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Educator: Sales tax plan could be Georgia's "greatest economic disaster ever"
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A sales tax to replace property taxes as an education funding source could be "the greatest economic disaster ever to hit" Georgia, the president of the Georgia Association of Educators said Wednesday.

Jeff Hubbard, who stopped in Gainesville as part of a statewide media tour, talked about House Resolution 900, also known as "Georgia Repealing Every Ad Valorem Tax," and other key education issues, including the reauthorization of the federal No Child Left Behind Act.

Hubbard said he is particularly concerned about the sales tax proposal, being pushed by House Speaker Glenn Richardson, if the economy makes a downward turn, such as after the terrorist attacks on Sept. 11, 2001.

"You cannot budget based on ... economic possibilities," he said. "If everything is based on the sales tax and the economy goes down, you have nothing to budget on."

Hubbard added that "not only is the sales tax hit or miss, it is also a regressive tax."

Adding pennies to the dollar might not hurt the wealthy, but it could significantly hurt low-
income residents.

Hubbard said he also fears that under the tax proposal, school systems would lose control of the tax money generated in their districts.

"I believe Gainesville city schools and the Hall County school system know best how to fund their systems," he said.

Hubbard has more positive vibes concerning No Child Left Behind.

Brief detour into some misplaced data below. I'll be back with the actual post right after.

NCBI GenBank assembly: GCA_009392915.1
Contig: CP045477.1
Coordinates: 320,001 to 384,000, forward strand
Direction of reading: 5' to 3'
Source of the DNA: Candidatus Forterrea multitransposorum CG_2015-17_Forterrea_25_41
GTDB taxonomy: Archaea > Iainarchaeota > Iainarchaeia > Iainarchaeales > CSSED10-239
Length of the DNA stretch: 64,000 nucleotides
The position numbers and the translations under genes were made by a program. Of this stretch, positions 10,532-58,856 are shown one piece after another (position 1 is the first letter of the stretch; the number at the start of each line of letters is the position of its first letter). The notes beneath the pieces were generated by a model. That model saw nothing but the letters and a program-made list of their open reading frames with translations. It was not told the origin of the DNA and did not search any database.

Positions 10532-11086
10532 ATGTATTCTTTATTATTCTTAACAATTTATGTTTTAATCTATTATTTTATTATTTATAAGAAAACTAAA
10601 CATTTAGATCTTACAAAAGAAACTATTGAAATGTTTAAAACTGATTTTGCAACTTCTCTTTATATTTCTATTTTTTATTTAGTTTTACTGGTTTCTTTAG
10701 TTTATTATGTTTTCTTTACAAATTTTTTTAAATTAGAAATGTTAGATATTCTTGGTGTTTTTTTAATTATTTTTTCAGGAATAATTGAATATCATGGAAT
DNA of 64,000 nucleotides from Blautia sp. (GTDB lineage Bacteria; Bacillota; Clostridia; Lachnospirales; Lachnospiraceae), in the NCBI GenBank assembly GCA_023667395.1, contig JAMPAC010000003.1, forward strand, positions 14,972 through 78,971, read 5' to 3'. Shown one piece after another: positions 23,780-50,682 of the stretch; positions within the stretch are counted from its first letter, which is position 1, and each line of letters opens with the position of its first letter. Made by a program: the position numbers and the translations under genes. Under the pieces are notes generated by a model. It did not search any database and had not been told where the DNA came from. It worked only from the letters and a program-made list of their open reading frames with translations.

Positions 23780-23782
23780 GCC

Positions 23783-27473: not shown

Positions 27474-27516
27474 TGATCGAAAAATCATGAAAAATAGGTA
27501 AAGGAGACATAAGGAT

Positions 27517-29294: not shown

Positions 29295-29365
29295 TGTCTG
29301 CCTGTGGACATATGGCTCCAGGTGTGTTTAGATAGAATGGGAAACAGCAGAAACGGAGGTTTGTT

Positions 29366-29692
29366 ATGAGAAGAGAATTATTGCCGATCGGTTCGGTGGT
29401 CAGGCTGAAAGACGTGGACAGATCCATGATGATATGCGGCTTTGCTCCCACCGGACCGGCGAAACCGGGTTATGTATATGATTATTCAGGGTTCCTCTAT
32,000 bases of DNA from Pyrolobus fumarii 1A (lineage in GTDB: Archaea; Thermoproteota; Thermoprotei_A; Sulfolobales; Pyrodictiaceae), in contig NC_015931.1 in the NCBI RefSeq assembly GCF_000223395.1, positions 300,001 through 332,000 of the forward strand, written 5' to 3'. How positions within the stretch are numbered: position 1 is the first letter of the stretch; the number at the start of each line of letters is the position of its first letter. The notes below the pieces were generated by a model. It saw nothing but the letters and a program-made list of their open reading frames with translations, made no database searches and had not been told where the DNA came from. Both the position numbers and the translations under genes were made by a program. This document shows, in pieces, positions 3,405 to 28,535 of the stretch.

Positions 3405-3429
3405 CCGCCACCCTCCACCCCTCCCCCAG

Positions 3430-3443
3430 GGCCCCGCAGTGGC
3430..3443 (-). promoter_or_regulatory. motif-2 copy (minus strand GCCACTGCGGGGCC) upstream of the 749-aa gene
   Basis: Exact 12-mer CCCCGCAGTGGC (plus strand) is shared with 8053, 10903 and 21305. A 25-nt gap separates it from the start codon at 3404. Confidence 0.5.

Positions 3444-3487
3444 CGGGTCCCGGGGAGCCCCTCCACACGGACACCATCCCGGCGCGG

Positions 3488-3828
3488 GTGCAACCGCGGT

The law, which governs whether schools are making "adequate yearly progress" and placing sanctions on those that are not, is up for renewal in Congress.

There is talk about making some key changes, including a "growth model" that would measure school progress based on an individual child’s progress.

The current system is based on how one group of students in a particular grade compares to another group of students in that same grade from one year to the next.

"Let’s see how the child is doing and if there is a hiccup ... did the child have a problem that year? Was it the instructor?" Hubbard said. "We have to look at accountability from all sides. Are there things going on, weaknesses that might have occurred that year that we could address?"

Hubbard said he also is concerned about the "multiple classifications of a child" when a school looks at how well students are doing academically.

Ironically, given the law’s name, not all children are counted toward AYP, while others are counted several times based on demographic "subgroups."

A Hispanic second-language learner from a poor household, for example, could be counted in three subgroups.

And if there aren’t enough students in a particular subgroup, that subgroup doesn’t count at all.

"One student (in several subgroups) could cause a school that would otherwise (make AYP) to fail," Hubbard said.

Some other education issues Hubbard is concerned about are increasing parental involvement in schools and pushing for more professional development for educators.

He said he also would like to see the state government use some of its $650 million in surplus revenues to make up funding cuts to local school systems over the past few years.

One issue that lights Hubbard’s fire is the ranking of states based on SAT scores.

Georgia perennially ranks at the bottom of those rankings, while some states that place a much higher emphasis on the ACT college-entrance exam rank at or near the top.

Also, schools should be judged by other factors than a "single test snapshot in time," Hubbard said.

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